Fungi are also important in the degradation of naturally occurring complex molecules in the soil, an environment where the hyphal mode of growth provides several advantages, and also in aquatic habitats. Since 95% of plant tissue is composed of carbon, hydrogen, oxygen, nitrogen, phosphorus, and sulfur, the decomposition activities of fungi clearly are important in relation to redistribution of these elements between organisms and environmental compartments. In addition to C, H, O, N, P, and S, another 15 elements are typically found in living plant tissues -K, Ca, Mg, B, Cl, Fe, Mn, Zn, Cu, Mo, Ni, Co, Se, Na, and Si. However, all 90 or so naturally occurring elements may be found in plants, most at low concentrations although this may be highly dependent on environmental conditions. These include Au, As, Hg, Pb, and U, and there are even plants that accumulate relatively high concentrations of metals like Ni and Cd. In fact, plant metal concentrations may reflect environmental conditions and provide an indication of toxic metal pollution or metalliferous ores. Such plants are also receiving attention in bioremediation contexts (=phytoremediation). Animals likewise contain a plethora of elements in varying amounts. For example, the human body is mostly water and so 99% of the mass comprises oxygen, carbon, hydrogen, nitrogen, calcium, and phosphorus. However, many other elements are present in lower amounts including substances taken up as contaminants in food and water. A similar situation occurs throughout the plant, animal, and microbial world and therefore, any decomposition, degradative, and pathogenic activities of fungi must be linked to the redistribution and cycling of all these constituent elements, both on local and global scales (Figure 2).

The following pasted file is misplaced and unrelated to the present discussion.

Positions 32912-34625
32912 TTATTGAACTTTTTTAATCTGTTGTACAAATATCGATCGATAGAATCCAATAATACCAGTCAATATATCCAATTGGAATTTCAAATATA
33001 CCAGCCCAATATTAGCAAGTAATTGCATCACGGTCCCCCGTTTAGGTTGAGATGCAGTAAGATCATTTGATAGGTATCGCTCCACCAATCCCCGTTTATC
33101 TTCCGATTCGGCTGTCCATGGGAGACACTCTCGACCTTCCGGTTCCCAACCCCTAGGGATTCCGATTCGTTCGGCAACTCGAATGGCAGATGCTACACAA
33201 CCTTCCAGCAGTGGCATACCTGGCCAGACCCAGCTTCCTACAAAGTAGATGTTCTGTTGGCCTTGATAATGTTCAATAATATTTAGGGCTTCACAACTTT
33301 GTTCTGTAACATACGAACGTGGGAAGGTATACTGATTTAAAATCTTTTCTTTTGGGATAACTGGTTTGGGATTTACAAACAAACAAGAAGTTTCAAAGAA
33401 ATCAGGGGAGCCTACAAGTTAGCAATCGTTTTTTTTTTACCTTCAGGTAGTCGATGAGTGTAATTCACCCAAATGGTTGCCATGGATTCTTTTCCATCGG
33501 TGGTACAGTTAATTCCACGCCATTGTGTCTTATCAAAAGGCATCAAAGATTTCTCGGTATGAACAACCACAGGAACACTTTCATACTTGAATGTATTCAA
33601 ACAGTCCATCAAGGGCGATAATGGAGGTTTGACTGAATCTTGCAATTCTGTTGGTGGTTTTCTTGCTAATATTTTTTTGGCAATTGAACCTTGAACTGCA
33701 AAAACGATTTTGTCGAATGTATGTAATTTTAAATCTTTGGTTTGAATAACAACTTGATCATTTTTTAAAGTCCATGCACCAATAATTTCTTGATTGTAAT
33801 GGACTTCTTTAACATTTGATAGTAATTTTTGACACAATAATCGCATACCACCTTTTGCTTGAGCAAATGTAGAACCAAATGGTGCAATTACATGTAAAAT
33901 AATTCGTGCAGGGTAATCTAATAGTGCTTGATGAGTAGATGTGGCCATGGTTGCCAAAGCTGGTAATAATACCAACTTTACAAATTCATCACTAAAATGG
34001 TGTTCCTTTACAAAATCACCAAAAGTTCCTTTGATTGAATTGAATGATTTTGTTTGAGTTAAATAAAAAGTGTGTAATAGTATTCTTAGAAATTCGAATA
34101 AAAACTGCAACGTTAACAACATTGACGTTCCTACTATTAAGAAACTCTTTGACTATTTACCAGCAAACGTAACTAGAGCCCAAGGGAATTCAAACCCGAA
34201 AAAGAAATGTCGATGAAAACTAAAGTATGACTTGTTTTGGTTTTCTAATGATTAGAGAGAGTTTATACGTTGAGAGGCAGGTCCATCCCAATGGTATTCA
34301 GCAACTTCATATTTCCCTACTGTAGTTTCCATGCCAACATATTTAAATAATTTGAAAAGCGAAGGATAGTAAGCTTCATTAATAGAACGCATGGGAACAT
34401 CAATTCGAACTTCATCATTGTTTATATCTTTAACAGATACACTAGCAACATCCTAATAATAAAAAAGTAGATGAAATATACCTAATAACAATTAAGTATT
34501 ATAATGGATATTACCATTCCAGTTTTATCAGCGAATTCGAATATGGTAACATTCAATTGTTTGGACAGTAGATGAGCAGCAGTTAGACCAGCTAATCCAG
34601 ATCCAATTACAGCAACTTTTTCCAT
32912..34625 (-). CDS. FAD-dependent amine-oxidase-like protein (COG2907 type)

Organometals (compounds with at least one metal-carbon bond) can also be attacked by fungi with the organic moieties being degraded and the metal compound undergoing changes in speciation. Degradation of organo-metallic compounds can be carried out by fungi, either by direct biotic action (enzymes) or by facilitating abiotic degradation, for instance, by alteration of pH and excretion of metabolites. Organotin compounds, such as tributyltin oxide and tributyltin naphthenate, may be degraded to mono- and dibutyltins by fungal action, inorganic Sn(ii) being the ultimate degradation product. Organomercury compounds may be detoxified by conversion to Hg(ii) by fungal organomercury lyase, the

Figure 2 Simplified elemental biogeochemical cycle in a vegetated ecosystem where organic matter decomposition processes, and therefore a prime fungal role, leads to cycling of many other elements besides C. The cycle depicted could be of Ca or K for example. Organic matter could also arise from anthropogenic sources.

Figure 2 Simplified elemental biogeochemical cycle in a vegetated ecosystem where organic matter decomposition processes, and therefore a prime fungal role, leads to cycling of many other elements besides C. The cycle depicted could be of Ca or K for example. Organic matter could also arise from anthropogenic sources.

Hg(n) being subsequently reduced to Hg(0) by mercuric reductase, a system broadly analogous to that found in mercury-resistant bacteria.